Giant Panda: One of the Most Threatened Bears in the World

The distinctive black and white bear is considered a national treasure in China and has become a powerful symbol when it comes to species conservation. Pandas are placid and peaceful animals despite their great size and large claws. They spend the day eating bamboo and usually exist peacefully, rarely expressing aggression at each other. Their natural habitat is in the high mountain bamboo forests of Western China, that not only provide shelter for Panda populations, but are also their primary food source. While giant panda numbers are increasing, the species is still one of the rarest and most endangered bears in the world.

Pandas -  Local people benefit from their presence because the eco-tourism trade

 Local people benefit from their presence because the eco-tourism trade is supported by visitors who want to see the giant pandas in their natural habitat. But climate change, human development and people’s actions seem to diminish panda populations, consequently endangering the species.

 Because of climate change, there is less land suitable for bamboo forests than ever before, and global warming is shrinking what is left. The warming temperatures threaten to kill off the bamboo forests pandas need to survive. They feed on several types of bamboo that usually bloom at different times of the year. If global warming destroys one species of bamboo, the species might be left with nothing to eat, thus increasing the risk of starvation. A solution to this problem is to plant bamboo forests in cooler areas, so pandas can be relocated when the time is right.

 The rising temperatures are also dangerous for the pandas themselves because they experience heat stress at temperatures over 25 degrees Celsius (77 F). To maintain their health, they regularly climb higher in the mountains whenever the temperature increases.

The pandas' bamboo forests have been steadily encroached upon as more cities have been built

 As civilizations expand, buildings get constructed, and roads and railroads fragment the forests, pandas are forced to live in smaller and less livable areas. As the population in China continues to grow, pandas’ habitat gets taken over by human development. As a consequence, they have smaller areas to mate to further increase populations growth.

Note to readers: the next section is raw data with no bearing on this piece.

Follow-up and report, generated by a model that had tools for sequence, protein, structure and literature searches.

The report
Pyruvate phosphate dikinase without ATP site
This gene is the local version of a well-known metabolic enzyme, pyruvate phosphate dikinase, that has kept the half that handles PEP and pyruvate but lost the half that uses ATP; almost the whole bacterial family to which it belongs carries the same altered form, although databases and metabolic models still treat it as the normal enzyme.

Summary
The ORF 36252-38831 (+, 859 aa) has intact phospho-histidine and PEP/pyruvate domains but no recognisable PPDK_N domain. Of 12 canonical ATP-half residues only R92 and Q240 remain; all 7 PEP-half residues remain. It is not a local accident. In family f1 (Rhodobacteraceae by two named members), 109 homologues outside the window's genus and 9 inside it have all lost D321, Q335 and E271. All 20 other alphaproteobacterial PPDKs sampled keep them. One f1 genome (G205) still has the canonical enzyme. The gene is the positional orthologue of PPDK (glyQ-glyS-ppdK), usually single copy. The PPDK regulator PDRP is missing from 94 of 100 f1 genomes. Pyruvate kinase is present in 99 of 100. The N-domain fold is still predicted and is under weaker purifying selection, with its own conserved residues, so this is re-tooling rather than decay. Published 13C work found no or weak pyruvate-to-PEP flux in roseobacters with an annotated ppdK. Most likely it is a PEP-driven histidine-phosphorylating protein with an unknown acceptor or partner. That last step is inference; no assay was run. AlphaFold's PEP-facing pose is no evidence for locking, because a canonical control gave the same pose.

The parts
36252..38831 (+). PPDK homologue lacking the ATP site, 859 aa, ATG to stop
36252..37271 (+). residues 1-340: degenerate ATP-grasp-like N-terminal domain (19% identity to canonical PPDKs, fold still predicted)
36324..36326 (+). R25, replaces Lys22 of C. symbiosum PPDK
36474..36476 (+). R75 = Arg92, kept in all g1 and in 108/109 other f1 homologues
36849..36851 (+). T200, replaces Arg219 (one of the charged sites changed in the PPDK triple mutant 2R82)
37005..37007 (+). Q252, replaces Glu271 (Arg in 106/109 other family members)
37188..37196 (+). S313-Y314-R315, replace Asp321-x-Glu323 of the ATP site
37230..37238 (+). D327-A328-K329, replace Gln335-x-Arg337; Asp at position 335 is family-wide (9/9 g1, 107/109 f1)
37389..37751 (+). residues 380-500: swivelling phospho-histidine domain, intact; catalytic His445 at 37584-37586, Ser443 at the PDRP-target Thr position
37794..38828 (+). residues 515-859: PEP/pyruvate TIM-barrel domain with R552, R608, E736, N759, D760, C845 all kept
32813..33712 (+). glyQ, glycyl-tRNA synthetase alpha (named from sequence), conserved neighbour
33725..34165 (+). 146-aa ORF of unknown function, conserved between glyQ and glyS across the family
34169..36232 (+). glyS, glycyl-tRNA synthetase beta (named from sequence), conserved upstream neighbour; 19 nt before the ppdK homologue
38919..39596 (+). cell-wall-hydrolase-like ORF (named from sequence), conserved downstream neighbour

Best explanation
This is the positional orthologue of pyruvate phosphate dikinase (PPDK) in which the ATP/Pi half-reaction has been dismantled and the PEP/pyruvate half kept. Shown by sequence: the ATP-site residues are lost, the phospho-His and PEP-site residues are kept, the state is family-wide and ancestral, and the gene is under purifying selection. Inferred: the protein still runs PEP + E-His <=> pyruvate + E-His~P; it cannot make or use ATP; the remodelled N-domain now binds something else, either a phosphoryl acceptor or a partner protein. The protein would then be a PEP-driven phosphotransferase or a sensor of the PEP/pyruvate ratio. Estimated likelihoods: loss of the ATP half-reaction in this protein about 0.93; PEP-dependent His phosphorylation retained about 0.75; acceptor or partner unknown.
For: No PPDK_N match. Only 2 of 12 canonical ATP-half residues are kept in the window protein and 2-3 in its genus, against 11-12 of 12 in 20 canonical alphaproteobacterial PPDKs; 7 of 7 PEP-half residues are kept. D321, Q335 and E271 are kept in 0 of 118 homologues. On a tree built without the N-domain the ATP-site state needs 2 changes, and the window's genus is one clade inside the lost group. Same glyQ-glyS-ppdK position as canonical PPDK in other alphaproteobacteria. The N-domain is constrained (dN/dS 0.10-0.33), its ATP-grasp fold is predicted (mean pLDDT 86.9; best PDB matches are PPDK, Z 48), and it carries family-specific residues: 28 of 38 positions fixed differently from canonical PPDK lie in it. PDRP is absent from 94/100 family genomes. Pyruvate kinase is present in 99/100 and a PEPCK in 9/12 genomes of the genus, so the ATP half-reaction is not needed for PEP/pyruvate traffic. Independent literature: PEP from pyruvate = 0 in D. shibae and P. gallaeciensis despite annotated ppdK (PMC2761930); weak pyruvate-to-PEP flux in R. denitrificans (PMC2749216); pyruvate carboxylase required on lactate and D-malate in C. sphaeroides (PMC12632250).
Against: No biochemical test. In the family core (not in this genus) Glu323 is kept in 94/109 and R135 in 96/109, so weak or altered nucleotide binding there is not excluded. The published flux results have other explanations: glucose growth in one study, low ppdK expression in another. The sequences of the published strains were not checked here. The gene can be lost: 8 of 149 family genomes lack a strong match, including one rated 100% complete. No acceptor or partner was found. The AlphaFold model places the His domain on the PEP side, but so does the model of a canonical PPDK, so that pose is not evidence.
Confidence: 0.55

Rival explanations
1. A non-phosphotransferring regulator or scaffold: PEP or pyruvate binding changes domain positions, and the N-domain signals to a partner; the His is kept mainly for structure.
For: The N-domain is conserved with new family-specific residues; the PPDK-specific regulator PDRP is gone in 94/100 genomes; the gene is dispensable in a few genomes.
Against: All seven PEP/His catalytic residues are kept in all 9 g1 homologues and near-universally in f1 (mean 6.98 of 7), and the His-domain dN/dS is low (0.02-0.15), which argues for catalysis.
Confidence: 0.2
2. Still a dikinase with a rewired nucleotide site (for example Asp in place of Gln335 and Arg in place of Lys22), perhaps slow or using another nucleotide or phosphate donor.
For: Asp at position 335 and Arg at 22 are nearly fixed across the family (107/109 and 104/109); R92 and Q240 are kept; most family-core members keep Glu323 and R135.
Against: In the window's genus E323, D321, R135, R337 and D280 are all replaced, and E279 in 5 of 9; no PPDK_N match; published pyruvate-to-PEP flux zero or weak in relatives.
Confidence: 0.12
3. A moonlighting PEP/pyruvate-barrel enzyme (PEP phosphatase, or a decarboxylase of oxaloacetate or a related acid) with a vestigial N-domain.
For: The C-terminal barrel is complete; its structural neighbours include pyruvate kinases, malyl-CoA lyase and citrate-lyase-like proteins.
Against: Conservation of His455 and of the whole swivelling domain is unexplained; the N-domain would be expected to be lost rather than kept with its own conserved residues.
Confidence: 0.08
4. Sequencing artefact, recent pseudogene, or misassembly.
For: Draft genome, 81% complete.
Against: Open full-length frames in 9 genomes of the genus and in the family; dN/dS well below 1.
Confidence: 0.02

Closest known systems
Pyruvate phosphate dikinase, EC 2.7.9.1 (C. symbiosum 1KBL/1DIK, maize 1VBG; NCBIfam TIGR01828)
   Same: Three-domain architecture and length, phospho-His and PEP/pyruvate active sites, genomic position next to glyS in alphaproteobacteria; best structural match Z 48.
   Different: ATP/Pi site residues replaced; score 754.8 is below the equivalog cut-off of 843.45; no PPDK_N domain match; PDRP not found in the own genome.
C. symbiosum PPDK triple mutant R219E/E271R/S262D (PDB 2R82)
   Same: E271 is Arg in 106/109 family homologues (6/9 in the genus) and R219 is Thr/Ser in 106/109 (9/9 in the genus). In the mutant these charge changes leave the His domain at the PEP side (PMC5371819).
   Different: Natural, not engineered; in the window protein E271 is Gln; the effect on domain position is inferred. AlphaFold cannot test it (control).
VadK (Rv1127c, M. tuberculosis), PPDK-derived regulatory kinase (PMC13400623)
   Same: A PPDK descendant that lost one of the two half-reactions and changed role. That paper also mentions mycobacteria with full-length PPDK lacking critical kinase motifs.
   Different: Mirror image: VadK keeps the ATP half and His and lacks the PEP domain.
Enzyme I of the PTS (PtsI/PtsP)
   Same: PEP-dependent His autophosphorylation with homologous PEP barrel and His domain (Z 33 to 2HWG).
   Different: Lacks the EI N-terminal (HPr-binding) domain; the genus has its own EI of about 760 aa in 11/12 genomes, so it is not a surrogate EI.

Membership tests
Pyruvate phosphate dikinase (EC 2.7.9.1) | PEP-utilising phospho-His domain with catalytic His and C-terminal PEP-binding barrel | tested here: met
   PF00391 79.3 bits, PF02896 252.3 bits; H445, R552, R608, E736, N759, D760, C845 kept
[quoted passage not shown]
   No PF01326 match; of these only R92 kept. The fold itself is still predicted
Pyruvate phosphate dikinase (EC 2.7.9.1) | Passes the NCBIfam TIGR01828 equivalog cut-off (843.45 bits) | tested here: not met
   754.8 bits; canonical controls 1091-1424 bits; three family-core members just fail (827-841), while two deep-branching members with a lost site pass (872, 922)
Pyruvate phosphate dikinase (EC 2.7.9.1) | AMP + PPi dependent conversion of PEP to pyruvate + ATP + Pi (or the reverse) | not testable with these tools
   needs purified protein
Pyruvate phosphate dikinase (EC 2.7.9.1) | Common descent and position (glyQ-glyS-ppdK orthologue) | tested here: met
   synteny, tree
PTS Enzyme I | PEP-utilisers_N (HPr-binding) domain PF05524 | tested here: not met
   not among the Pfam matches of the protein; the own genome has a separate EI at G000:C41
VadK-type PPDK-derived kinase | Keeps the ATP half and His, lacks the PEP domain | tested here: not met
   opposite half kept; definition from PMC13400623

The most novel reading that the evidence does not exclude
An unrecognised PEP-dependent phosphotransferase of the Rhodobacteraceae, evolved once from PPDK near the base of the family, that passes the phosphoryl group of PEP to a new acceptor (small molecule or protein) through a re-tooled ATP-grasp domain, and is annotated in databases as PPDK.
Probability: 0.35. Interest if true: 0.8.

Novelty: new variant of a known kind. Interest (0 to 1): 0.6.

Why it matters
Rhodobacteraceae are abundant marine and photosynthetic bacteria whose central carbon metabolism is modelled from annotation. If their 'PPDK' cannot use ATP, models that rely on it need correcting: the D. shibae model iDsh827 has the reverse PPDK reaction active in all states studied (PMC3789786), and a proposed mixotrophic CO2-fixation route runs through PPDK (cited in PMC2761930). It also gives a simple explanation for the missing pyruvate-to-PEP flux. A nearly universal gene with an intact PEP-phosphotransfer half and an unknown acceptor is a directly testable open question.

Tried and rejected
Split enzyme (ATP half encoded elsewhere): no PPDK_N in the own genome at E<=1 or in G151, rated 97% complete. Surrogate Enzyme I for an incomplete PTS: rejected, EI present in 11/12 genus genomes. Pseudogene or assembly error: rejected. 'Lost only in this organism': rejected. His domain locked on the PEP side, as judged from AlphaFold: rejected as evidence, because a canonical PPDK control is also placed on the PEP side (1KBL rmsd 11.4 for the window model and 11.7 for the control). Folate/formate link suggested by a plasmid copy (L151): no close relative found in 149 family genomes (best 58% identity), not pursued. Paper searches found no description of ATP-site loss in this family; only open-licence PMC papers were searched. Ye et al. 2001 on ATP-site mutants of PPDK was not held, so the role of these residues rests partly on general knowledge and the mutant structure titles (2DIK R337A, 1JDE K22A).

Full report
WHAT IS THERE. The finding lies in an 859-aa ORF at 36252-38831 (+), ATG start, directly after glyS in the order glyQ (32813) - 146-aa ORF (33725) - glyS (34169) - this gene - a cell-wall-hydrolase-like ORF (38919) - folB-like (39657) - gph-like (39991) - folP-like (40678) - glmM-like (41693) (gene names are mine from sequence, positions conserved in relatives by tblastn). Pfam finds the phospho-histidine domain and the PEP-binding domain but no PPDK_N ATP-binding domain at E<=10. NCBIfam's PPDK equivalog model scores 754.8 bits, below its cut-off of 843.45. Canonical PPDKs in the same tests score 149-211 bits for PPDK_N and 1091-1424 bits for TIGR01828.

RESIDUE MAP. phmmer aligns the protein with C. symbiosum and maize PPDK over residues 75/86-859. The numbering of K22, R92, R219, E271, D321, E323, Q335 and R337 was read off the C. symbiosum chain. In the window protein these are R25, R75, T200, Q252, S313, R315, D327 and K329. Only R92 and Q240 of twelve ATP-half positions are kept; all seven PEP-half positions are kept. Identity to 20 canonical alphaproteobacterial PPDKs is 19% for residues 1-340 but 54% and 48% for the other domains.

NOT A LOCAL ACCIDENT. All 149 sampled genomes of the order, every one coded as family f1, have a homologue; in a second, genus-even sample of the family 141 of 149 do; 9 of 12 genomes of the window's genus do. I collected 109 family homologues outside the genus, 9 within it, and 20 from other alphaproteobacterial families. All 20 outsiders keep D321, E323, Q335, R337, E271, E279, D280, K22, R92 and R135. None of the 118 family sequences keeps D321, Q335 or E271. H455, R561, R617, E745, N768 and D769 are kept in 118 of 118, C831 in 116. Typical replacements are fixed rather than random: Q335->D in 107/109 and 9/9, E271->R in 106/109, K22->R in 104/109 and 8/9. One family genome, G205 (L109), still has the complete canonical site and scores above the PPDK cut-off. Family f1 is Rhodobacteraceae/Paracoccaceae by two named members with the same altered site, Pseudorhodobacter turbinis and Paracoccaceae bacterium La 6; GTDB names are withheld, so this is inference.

The pandas’ bamboo forests have been steadily encroached upon as more cities have been built, leaving them with fewer habitats to live in and less food to eat. When bamboo occasionally dies off, the pandas are not quickly able to move to other areas with plenty of food. Therefore, conservation solutions have been implemented. Corridors of forest land are being established to link the fragmented habitats where the pandas live to provide the opportunity for them to preserve their natural habitat as much as possible.

Forest reform legislation in China has historically been a significant threat to the giant panda population because, for the first time, it opened up common land to commercial interests. Farmers were given the opportunity to lease their forest rights to businesses, meaning further development and more forest logging.

Recent agricultural reforms in China have taken into account the need to preserve forests, with the goal of covering 23% or more of the land by 2020. This includes funding for giant panda habitat conservation.

The black market for illegal animals has given rise to a criminal network

The black market for illegal animals has given rise to a criminal network that trades in threatened wildlife. Pandas are illegally captured for export, for their skins and even for their meat. Professional poachers hunt wild animals with helicopters and with the aid of specialized equipment. Prices for illegal animals and their horns, skin, and other body parts are high enough to tempt people to cooperate with the poachers.

There has been a market for panda pelts and body parts in Taiwan and Japan, where they have been used in folk remedies. Several panda preserves have been established in China to protect the species, but legal measures are essential if there is any hope of stopping the illegal hunting. Between 1985 and 1991, the Chinese government went after poachers, convicting 278 people. The practice is ongoing, and the individuals who are found guilty face legal convictions.

Besides prosecuting poachers and creating protected habitats, the Chinese government also introduced captive breeding programs to increase the number of panda populations, which had shrunk to only 1,000 in the 1970’s. The giant pandas used to live in other locations like Myanmar and Vietnam, but roads and buildings have divided forests everywhere, and now their habitat has shrunk to only the Gansu, Shaanxi and Sichuan Provinces of China. According to 2014 research, there were 1,864 giant pandas alive in the wild. Therefore, in the past decade, giant panda populations have risen by 17%.

There are now more than 4 million acres of forest preserve in China devoted to the pandas. The Chinese government needs to continue to find and prosecute poachers. More intelligent architecture planning can halt the fragmentation of panda habitat by farmland and cities. China is taking steps to prevent the decline of forests that protect the pandas and other endangered species.